CALION — When you harvest a wood duck wearing a band around its leg and report it, you’re helping biologists gather critical data needed to make waterfowl management decisions in Arkansas.
The Arkansas Game and Fish Commission bands hundreds of wood ducks across the state each year. This year, biologists and other staff trapped 460 wood ducks using swim-in-traps, rocket nets and corral traps. They take them out one by one to determine age and sex and attach a band. If a band is already in place, biologists record the information and the bird is released.
The banding doesn’t just take place in the Arkansas Delta. Banding 100 wood ducks each year near Thatcher Lock and Dam in south-central Arkansas adds to the study of those who live in and migrate through Arkansas. Because of this ongoing banding project, biologists collect and study trending data over time relative to reproductive success, harvest rates, survival rates and migration patterns, which, in turn, helps to assist both hunters and scientists.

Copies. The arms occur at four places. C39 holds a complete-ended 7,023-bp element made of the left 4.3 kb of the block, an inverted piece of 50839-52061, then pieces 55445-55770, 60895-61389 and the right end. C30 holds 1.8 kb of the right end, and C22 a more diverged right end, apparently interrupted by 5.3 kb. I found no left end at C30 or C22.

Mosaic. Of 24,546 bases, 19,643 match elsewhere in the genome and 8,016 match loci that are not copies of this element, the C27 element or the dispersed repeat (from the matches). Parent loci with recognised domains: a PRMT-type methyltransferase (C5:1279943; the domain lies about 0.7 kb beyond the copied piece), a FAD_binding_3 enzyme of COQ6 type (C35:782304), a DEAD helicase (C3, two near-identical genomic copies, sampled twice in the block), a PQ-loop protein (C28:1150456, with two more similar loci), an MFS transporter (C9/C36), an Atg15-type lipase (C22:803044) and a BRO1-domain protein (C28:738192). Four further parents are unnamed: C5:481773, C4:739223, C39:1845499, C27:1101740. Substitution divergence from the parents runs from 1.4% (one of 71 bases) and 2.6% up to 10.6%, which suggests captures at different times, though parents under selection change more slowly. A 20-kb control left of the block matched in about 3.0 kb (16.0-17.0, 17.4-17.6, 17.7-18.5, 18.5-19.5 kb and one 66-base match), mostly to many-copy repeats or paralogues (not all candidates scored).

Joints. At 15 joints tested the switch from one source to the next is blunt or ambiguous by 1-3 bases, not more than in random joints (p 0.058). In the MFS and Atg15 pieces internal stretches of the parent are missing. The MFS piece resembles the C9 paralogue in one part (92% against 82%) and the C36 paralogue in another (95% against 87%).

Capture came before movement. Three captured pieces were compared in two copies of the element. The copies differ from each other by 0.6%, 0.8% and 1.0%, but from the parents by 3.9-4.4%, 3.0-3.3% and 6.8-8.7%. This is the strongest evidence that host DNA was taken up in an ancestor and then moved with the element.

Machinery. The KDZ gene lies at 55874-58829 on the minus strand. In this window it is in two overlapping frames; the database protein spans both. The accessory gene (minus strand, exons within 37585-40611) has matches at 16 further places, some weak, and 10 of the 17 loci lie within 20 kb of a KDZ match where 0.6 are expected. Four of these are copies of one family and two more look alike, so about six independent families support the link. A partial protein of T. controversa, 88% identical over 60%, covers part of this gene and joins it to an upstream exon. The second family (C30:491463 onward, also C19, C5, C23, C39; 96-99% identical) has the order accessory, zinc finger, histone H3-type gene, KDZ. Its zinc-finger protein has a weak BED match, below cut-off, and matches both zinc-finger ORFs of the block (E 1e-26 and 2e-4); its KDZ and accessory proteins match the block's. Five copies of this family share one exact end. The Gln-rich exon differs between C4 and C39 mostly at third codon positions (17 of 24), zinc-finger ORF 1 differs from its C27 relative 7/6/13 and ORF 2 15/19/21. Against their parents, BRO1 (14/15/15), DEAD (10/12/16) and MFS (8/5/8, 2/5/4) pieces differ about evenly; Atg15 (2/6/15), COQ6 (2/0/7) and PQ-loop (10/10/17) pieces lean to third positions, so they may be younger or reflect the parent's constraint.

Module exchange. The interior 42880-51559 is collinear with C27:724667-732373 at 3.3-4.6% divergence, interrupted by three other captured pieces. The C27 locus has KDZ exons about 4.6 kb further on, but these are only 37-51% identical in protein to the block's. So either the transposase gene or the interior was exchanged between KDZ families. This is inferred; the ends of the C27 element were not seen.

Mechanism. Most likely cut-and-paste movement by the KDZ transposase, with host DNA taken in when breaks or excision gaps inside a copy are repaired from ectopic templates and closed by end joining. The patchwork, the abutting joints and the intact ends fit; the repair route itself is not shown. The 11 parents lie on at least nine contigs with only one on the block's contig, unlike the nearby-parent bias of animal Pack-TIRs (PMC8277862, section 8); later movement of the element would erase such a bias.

Wood ducks aren’t the only migratory game birds banded by AGFC biologists. Data from mourning dove bandings are used to inform the Mourning Dove National Strategic Harvest Management Plan, the guiding document for establishing mourning dove monitoring protocols and hunting regulations.
AGFC staff also banded 1,796 Canada geese this year, primarily during goose roundups in summer when the geese molted and were incapable of flying for a short period until their flight feathers grew back. The data used in these banding efforts will be used to track harvest rates and population size of temperate-nesting Canada geese in Arkansas.
By Laura Rogers,
AGFC Southeast Regional Educator, Pine Bluff